This is why I usually rely on the NASA Terra and Aqua satellites. They’re designed to constantly take pictures, using a wide-angle view that lets them sweep over pretty much the whole planet every day or so, but in less detail. The pair of satellites have matching but complementary orbits, and the general situation is that Terra images LotW in the morning, and Aqua in the afternoon. The instruments they use to do this are called MODIS. That’s short for MODerate resolution Imaging Spectroradiometer. If you want to read more about it, you can see a brochure here. The key facts from an Ice Patrol perspective is that they scan the planet in multiple wavelengths, including separate bands of Blue, Green and Red light, two bands of Near Infrared, and two bands of Shortwave Infrared. For the true colour images, the blue, green and red components are blended to create a natural looking view, in a manner somewhat comparable to how your printer uses three ink cartridges to print full colour. For the false colour versions, a computer takes information from several wavelengths and processes it a bit differently. Today I learned that the images I use, which come from the University of Wisconsin at Madison, are processed using the same algorithm every day. That’s relevant, because some of the recent images have shown an unexpected development.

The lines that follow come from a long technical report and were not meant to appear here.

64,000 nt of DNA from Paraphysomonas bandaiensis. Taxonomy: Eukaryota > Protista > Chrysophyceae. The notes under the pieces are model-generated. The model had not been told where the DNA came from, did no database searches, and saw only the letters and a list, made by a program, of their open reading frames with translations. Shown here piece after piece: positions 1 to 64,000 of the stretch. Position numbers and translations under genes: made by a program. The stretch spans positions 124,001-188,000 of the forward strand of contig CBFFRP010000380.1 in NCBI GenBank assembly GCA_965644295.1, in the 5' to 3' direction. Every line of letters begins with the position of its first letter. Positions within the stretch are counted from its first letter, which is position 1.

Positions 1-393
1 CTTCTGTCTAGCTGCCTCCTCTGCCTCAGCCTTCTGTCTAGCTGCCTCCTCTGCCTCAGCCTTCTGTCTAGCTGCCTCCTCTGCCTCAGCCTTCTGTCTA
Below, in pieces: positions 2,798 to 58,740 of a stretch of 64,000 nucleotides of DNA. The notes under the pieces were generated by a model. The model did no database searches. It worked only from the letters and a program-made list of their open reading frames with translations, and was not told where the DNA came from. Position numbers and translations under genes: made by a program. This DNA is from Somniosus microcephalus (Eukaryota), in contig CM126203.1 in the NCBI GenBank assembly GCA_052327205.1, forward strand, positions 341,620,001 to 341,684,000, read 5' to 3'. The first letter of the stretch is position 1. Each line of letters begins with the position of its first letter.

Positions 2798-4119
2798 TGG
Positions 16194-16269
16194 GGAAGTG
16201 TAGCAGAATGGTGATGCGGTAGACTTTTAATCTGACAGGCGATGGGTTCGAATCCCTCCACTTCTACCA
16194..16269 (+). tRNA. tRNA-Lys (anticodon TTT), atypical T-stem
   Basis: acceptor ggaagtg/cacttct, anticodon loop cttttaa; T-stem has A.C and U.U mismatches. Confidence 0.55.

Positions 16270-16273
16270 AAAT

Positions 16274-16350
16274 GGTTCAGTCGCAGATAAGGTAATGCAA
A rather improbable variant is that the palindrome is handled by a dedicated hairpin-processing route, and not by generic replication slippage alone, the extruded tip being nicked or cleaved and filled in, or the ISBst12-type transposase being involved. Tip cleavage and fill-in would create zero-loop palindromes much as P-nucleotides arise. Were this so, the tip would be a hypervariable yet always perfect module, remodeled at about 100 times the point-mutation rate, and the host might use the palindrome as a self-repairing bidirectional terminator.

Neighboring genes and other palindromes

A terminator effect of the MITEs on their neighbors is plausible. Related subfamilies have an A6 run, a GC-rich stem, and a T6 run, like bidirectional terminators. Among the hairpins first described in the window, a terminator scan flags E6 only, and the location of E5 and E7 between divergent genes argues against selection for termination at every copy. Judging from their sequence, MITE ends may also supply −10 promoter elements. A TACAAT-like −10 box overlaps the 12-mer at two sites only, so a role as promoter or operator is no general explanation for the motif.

Here’s the image I posted a few days ago, from March 22.

Aqua satellite’s MODIS image from March 22, 2021, in false colour.

The ice is darkening all over.

And here’s the latest image, from March 25.

Aqua satellite’s MODIS image from March 25, 2021, in false colour.